The loss of the Lord Blayney with all lives on board after it left Warrenpoint in 1833, is one of the coast’s most enduring ghost ship stories.
The wooden paddle steamer had 96 people on board and 200 tonnes of cargo and animals when it set out on its fateful journey on the 20th of December.
The Blayney was one of the first paddle steamers to regularly cross the Irish sea between Ireland and England, and was one of the most popular routes travelled by those from the North and West of Ireland.
Several reasons have been given for the tragic fate that awaited the steamer. One reason given was that a light ship had broken free from its mooring and had led the Lord Blayney onto a sandbank; another is that the vessel was simply hit by terrible weather and was lost due to it.
What is known is that is was scuttled on a sandbank, and all lives were lost, as well as a vast number of pigs.
The only thing to survive the wreck is thought to be a thoroughbred champion racehorse, named “Monteagle”. who was strong enough to swim to dry land.
The most vivid account of the events of that surrounding the demise of the ship were that of Michael G Crawford, who penned a book that included an account of seeing the ghost ship or ‘fetch’ first hand.
In his book, Legendary Stories of the Carlingford Lough, Crawford wrote that he himself saw the ghost mist appear out of a vapoury cloud: “As midnight drew near we were very much surprised to see a small white vapoury cloud, low down in the water, in the direction of the Bar.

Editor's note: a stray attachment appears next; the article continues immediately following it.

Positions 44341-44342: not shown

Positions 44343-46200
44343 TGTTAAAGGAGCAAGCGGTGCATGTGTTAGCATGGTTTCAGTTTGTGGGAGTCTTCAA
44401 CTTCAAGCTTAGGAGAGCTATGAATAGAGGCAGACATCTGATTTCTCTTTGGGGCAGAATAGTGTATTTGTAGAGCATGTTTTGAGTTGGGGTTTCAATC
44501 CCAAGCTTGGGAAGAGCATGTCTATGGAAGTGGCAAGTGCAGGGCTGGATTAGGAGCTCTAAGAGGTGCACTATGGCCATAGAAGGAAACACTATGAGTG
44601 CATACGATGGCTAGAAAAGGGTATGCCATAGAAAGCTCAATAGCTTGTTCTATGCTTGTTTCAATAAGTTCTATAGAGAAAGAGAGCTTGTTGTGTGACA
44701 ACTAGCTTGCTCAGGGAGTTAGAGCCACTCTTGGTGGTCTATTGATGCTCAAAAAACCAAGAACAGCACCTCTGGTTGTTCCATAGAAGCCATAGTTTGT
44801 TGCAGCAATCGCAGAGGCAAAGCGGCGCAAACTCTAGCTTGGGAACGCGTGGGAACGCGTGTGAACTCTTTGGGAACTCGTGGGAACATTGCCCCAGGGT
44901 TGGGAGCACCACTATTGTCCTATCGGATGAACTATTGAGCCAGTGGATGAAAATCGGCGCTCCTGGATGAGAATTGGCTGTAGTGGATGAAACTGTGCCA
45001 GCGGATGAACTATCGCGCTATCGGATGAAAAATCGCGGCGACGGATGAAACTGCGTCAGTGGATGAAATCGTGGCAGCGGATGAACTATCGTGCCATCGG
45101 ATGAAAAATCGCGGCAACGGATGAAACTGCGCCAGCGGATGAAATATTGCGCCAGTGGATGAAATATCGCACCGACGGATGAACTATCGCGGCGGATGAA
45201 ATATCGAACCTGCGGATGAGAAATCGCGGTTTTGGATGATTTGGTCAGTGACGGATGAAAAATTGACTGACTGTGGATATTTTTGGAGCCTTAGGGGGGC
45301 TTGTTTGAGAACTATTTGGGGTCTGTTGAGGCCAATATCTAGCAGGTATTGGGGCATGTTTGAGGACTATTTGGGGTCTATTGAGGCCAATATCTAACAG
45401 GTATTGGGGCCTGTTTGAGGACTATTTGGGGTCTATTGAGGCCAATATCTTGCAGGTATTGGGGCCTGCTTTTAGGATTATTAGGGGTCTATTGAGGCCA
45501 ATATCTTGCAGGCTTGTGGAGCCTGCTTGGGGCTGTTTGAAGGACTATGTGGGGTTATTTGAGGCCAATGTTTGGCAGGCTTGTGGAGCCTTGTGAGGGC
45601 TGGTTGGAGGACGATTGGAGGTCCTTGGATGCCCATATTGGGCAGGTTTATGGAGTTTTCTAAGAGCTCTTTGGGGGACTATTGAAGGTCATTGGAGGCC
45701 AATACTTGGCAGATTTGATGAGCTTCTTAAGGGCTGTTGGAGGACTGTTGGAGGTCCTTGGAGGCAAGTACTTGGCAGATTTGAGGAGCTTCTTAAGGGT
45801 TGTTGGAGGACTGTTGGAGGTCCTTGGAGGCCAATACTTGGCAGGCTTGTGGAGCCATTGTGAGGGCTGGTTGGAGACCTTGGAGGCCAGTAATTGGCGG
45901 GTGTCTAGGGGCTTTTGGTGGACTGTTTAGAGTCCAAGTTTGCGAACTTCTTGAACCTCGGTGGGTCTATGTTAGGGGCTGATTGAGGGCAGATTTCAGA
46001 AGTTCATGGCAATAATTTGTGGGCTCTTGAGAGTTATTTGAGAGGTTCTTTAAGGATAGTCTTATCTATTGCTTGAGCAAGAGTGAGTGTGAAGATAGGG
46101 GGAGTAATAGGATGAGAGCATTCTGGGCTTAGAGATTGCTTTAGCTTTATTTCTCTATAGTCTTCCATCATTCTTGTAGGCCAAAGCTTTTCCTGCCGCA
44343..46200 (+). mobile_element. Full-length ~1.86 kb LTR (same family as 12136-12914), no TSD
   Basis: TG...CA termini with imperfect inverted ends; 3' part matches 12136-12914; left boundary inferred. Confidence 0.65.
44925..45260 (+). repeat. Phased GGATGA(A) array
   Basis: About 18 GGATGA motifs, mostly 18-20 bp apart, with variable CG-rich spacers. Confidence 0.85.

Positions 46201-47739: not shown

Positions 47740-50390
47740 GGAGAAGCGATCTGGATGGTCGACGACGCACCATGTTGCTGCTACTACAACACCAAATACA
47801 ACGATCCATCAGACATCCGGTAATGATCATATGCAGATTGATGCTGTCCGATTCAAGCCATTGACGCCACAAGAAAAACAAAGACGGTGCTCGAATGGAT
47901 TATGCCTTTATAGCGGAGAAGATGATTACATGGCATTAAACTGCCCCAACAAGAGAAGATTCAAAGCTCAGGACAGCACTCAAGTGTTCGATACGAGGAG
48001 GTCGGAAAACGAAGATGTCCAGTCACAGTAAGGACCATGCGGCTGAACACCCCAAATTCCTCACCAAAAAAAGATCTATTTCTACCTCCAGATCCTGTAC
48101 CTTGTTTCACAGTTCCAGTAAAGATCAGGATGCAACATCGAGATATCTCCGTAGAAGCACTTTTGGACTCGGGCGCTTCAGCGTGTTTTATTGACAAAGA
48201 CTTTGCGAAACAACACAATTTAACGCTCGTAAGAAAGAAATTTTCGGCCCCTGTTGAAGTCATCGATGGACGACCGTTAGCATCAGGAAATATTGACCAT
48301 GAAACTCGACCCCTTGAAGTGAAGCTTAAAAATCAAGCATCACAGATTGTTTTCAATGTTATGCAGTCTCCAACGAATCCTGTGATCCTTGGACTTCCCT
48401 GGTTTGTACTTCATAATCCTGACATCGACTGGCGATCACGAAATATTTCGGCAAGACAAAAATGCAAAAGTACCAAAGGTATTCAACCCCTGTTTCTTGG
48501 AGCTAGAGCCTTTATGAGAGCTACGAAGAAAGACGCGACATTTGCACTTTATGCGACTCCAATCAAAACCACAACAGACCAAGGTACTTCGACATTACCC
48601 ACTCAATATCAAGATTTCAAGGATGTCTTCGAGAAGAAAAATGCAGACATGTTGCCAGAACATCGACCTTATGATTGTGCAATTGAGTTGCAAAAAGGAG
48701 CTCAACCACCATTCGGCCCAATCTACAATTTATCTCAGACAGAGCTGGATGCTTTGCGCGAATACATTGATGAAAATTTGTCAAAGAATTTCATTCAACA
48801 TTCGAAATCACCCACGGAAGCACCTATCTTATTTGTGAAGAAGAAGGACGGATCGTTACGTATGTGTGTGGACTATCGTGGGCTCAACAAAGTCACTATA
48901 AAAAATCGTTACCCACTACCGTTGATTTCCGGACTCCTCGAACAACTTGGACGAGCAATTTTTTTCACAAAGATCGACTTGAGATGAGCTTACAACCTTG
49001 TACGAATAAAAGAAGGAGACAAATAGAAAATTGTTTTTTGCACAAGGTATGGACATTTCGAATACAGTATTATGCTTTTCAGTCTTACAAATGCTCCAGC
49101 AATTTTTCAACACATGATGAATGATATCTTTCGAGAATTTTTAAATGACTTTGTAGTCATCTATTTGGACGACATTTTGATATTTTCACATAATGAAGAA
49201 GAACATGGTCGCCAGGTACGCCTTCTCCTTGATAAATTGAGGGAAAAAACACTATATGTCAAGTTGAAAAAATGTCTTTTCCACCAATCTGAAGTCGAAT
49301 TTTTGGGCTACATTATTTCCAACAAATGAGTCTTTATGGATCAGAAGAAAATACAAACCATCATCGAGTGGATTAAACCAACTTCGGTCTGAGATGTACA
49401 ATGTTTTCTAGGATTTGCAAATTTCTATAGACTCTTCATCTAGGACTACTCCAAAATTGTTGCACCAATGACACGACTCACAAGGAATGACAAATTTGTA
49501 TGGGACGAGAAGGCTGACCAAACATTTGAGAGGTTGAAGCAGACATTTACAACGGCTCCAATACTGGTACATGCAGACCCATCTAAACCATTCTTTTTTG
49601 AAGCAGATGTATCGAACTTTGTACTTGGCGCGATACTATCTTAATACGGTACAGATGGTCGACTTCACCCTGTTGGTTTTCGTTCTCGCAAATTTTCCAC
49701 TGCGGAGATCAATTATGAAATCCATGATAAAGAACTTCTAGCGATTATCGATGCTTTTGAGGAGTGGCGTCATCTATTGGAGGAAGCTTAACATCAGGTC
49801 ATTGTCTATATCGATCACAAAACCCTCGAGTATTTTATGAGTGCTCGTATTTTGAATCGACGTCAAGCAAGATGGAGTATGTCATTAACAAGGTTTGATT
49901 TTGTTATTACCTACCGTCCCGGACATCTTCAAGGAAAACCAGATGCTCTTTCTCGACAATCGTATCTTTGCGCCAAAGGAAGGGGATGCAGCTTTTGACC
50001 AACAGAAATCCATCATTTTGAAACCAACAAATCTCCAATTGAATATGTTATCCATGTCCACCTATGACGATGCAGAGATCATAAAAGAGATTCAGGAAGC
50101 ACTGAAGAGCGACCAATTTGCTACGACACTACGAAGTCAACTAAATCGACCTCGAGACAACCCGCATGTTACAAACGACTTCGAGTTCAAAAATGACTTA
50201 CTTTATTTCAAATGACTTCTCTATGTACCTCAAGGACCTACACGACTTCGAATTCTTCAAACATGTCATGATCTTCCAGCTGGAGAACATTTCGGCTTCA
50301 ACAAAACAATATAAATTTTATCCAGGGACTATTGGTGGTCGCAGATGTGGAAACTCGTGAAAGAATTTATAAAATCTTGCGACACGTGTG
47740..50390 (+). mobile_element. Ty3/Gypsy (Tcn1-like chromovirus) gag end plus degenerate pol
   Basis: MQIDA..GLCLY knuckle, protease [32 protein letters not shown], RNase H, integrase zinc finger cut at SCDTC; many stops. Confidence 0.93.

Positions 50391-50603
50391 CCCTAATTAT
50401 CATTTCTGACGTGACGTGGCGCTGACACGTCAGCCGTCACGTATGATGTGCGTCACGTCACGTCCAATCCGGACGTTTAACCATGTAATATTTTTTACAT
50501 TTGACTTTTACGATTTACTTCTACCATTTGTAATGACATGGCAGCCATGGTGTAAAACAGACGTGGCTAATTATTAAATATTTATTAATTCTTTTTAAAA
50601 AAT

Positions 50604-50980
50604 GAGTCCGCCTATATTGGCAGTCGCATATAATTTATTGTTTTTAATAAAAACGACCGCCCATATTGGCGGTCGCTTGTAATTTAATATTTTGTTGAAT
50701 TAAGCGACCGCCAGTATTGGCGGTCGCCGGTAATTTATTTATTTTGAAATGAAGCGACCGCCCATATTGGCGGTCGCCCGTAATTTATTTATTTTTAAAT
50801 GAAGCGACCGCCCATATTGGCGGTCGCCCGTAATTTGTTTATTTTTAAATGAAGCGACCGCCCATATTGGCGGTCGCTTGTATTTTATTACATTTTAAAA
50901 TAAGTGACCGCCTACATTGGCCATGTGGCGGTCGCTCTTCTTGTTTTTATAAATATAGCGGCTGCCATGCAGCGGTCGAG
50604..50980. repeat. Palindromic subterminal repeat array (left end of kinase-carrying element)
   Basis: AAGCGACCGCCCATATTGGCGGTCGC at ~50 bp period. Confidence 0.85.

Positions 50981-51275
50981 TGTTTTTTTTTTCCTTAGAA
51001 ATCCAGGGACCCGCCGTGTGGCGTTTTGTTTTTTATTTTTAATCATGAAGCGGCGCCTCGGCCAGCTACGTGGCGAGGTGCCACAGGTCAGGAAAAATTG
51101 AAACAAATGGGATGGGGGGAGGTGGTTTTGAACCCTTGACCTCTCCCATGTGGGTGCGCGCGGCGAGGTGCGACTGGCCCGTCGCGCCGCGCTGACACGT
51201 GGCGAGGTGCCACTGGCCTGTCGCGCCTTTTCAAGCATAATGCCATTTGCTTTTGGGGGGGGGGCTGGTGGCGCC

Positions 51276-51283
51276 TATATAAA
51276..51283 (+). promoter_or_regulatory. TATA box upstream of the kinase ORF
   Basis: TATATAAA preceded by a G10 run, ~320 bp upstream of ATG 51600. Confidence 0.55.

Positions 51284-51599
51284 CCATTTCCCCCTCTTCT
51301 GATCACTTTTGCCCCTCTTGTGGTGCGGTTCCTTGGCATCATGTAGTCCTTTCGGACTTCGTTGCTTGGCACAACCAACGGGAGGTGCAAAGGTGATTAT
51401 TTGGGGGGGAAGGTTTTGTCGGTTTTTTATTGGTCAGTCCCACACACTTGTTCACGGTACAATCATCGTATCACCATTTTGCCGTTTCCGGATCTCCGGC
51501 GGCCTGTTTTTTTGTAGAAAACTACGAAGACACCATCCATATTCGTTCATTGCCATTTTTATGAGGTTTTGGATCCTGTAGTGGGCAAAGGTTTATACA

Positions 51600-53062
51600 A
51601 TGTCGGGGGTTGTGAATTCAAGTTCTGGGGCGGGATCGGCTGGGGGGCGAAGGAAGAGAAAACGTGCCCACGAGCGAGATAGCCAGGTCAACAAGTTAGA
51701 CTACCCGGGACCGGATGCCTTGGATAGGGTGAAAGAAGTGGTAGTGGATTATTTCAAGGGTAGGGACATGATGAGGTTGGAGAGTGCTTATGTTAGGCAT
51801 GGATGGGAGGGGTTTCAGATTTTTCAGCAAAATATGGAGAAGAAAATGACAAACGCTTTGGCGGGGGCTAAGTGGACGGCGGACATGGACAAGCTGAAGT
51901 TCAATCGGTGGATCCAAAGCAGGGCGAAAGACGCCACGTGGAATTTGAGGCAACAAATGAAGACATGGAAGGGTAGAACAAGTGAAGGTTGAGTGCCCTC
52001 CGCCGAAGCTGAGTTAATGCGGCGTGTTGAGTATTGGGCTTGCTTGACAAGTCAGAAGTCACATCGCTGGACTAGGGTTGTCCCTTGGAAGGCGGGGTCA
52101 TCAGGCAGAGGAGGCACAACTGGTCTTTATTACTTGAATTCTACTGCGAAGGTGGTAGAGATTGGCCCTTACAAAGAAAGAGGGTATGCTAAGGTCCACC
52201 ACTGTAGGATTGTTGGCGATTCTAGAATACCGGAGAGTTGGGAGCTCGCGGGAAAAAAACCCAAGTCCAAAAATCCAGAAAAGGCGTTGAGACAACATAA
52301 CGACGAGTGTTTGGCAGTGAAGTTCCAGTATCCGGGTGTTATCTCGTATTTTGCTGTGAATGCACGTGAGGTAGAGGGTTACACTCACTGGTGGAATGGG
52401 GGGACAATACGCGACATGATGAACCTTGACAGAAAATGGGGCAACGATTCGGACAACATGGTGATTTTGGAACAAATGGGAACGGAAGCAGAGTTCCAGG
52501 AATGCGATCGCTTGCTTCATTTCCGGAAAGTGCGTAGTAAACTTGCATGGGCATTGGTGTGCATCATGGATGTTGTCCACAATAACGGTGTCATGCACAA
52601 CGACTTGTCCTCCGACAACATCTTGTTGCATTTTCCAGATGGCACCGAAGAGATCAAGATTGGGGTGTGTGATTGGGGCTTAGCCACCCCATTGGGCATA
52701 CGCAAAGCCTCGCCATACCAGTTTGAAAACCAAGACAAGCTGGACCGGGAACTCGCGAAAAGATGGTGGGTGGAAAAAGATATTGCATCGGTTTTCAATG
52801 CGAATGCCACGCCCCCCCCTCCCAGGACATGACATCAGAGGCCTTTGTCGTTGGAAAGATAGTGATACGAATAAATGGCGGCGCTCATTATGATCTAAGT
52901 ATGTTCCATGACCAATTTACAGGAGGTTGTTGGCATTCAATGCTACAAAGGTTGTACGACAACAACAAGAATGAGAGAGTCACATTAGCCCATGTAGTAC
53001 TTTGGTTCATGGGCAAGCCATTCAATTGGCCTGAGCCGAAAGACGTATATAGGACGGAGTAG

“We felt alarmed at this extraordinary phenomenon, and watched it closely.
“As it approached us we could see dimly through the mist the tall masts and funnel of a steamer appear, as if she was rising from the grey breast of the sea; then the mast-head light shining like a star burst full upon us.
“... then she slowly sank, her stern-lights vanishing below the waves.
“The vapoury cloud in which she was enveloped, dissolved, fading out of sight and nothing was left to our view but the calm moonlit waters of Carlingford Lough. The boatmen felt half frozen with fear and the dread of the supernatural scene they had just witnessed and prayed to be delivered from such phantoms of the deep.”
The ghost ship has now been linked to a number of maritime disasters, including the Carlingford Lough disaster of 1916.
The disaster claimed the lives of 86 crewmen, passengers and cattlemen aboard the steamer the Connemara, which collided with ,
On 3 November the SS Connemara, an 1100 ton passenger ferry, plying between Greenore and Holyhead (in Wales), collided in the Lough with SS Retriever, a 500 ton coal boat, and sank with the loss of 97 lives.
On the afternoon of November 3rd 1916, relatives of James Boyle, the only survivor, claimed to have seen the Lord Blayney.